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Melon research at ISU to benefit children

Published: Tuesday, July 29, 2014 11:42 a.m. CDT

AMES (MCT) — A new event on Iowa State University’s campus is promising “copious amounts of melon” to raise money for nutrition and education in Uganda.

Melon Mania, a new club on campus, will hold its first fundraising event on Sept. 11 on ISU’s Central Campus. The group will be providing melons leftover from ISU research to either purchase or use in a variety of games.

Victor Theng, junior in nutritional science and global resource systems, was approached to do something with the research leftovers during the recent school year. Theng said ISU grew roughly 40,000 cantaloupes last year but because they are used in research, they could not be sold and only 60 were able to be donated.

“Most places around the Ames area can only take so many melon donations, and we’re predicted to make 46,000 melons this year,” Theng said.

“I was a little hesitant because it was the end of the semester when the idea came about. But the idea of a food event kind of drove me crazy and I decided I’ve got to do something about this.”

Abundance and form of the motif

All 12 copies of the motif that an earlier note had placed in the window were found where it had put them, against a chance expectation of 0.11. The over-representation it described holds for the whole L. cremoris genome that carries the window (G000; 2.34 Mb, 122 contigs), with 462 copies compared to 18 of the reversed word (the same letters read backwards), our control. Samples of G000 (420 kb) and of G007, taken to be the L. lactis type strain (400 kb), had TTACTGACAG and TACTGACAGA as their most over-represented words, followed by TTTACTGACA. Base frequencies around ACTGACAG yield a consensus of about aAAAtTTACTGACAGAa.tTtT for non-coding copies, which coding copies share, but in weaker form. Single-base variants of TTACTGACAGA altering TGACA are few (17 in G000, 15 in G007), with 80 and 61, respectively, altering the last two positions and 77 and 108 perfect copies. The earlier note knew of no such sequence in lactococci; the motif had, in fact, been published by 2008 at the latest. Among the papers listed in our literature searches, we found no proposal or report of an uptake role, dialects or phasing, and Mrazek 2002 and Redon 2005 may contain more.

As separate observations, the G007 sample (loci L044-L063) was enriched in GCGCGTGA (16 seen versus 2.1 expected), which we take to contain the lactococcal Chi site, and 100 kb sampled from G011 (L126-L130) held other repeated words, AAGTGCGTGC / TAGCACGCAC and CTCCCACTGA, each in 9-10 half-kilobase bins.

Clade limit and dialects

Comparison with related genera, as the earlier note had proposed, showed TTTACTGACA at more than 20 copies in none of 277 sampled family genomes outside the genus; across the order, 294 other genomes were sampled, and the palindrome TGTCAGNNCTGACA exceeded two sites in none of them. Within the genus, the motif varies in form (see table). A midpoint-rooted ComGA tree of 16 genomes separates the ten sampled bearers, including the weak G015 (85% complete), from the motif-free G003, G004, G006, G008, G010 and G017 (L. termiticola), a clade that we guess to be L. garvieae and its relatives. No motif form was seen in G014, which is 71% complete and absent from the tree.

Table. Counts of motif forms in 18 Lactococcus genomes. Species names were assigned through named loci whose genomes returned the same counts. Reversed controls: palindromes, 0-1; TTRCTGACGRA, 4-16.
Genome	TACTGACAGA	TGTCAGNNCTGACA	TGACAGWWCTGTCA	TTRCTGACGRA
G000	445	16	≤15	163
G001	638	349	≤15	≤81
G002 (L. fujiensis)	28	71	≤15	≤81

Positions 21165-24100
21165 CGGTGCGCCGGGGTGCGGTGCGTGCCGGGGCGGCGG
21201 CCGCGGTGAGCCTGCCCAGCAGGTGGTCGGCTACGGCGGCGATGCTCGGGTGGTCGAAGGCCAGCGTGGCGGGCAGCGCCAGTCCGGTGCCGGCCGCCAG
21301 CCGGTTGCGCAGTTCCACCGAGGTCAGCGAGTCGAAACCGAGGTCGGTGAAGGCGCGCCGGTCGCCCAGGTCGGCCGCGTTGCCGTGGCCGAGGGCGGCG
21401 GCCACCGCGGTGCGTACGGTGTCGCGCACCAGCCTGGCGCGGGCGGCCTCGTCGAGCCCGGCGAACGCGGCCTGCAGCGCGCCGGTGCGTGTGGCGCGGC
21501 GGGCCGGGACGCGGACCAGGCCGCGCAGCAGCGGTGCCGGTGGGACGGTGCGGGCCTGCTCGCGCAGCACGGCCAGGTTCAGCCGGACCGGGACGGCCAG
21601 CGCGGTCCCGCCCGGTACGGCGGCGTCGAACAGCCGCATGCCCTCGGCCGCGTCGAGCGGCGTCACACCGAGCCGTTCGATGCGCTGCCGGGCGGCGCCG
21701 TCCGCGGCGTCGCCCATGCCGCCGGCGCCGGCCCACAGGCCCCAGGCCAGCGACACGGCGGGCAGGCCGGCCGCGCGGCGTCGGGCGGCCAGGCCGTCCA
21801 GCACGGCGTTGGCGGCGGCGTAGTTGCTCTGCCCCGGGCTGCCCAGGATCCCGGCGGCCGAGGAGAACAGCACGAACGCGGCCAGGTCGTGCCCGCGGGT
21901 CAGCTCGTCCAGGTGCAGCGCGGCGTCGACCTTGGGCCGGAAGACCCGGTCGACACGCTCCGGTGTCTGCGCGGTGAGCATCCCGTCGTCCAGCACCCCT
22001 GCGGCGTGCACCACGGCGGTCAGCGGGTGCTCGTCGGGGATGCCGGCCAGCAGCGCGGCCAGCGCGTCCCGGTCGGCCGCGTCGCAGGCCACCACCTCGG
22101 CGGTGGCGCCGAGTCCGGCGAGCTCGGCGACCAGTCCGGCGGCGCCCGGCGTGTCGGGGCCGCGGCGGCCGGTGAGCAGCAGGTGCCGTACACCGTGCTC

Along with a full executive team, more than 10 ISU clubs and more than 25 faculty members, Theng is prepared to kick off the first Melon Mania event in the fall semester.

Proceeds from the event will go to Establish and Grow, an ISU organization helping to provide food and education to the Kamuli District of Uganda.

Theng said malnutrition and no money for school materials create a struggle for the children in that area, but feeding one student for a full school year could only cost $4.72, and a notebook for each student would only cost an additional 25 cents. During the event, the community can purchase whole melons for $2 each, or three melons for $5.

“The idea behind the $5 is every three melons you purchase, you’re feeding a child in Uganda for a year,” Theng said.

Along with buying whole melons, smoothies and slices, event-goers will also be able to use inedible melons to play games like Melon Plinko, Melon Bowling or slice in the Melon Guillotine.

Theng said the range of ideas for foods and activities is due to a wide range of organizers involved.

More than 10 clubs are involved, ranging from the food science club to Hope 4 Africa, a club working with schools in Kenya. Theng added that more than 25 faculty members were involved in the planning process, including assistant deans and heads of the agriculture, horticulture and global resource systems departments.

“It was for the greater cause,” he said. “This will help bring in a different crowd. Each person has a different expertise, and the last thing I wanted to do was have everyone with the same mindset.”

While the first event is still on the way, Theng said he is confident that Melon Mania will be around ISU for years to come.

He and his team made it an official university club, “so it will continue every single year.”

Melon Mania

Where: Iowa State University’s Central Campus

When: Thursday, Sept. 11, from 4 to 9 p.m.


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